This comparison shows Saturn's north temperate region as viewed Nov. 5, 1980, by Voyager 1, and Aug. 21 by its sister craft, Voyager 2, from a range of 3.1 million miles. A gigantic storm system in the planet's atmosphere is featured.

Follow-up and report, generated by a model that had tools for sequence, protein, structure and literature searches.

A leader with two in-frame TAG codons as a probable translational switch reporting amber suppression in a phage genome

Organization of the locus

This comparison shows Saturn's north temperate region as viewed Nov. 5, 1980, by Voyager 1 (left) and Aug. 21 by its sister craft, Voyager 2, from a range of 5 million kilometers (3.1 million miles). The large bright oval feature in the lower right of each frame measures about 2,500 km. (1,550 mi.) across. This feature, a gigantic storm system in the planet's atmosphere, was first observed by Voyager 1 almost exactly one year ago. Thus, as on Jupiter, some storms in Saturn's atmosphere are quite long-lived compared to their smaller terrestrial counterparts. By contrast, the pattern of convective disturbances to the north (upper right) undergoes rapid changes in a matter of even a few days. In some respects, these features resemble gigantic thunderstorms. The largest bright feature in the Voyager 1 photograph extends about 7,500 km. (4,650 mi.) from north to south. These giant storms lie within one of the strongest westward-flowing currents observed in the atmosphere, with wind speeds of about 20 meters-per-second (45 mph). The smallest visible features here are about 100 km. (62 mi.) across. The Voyager project is managed for NASA by the Jet Propulsion Laboratory, Pasadena, Calif.

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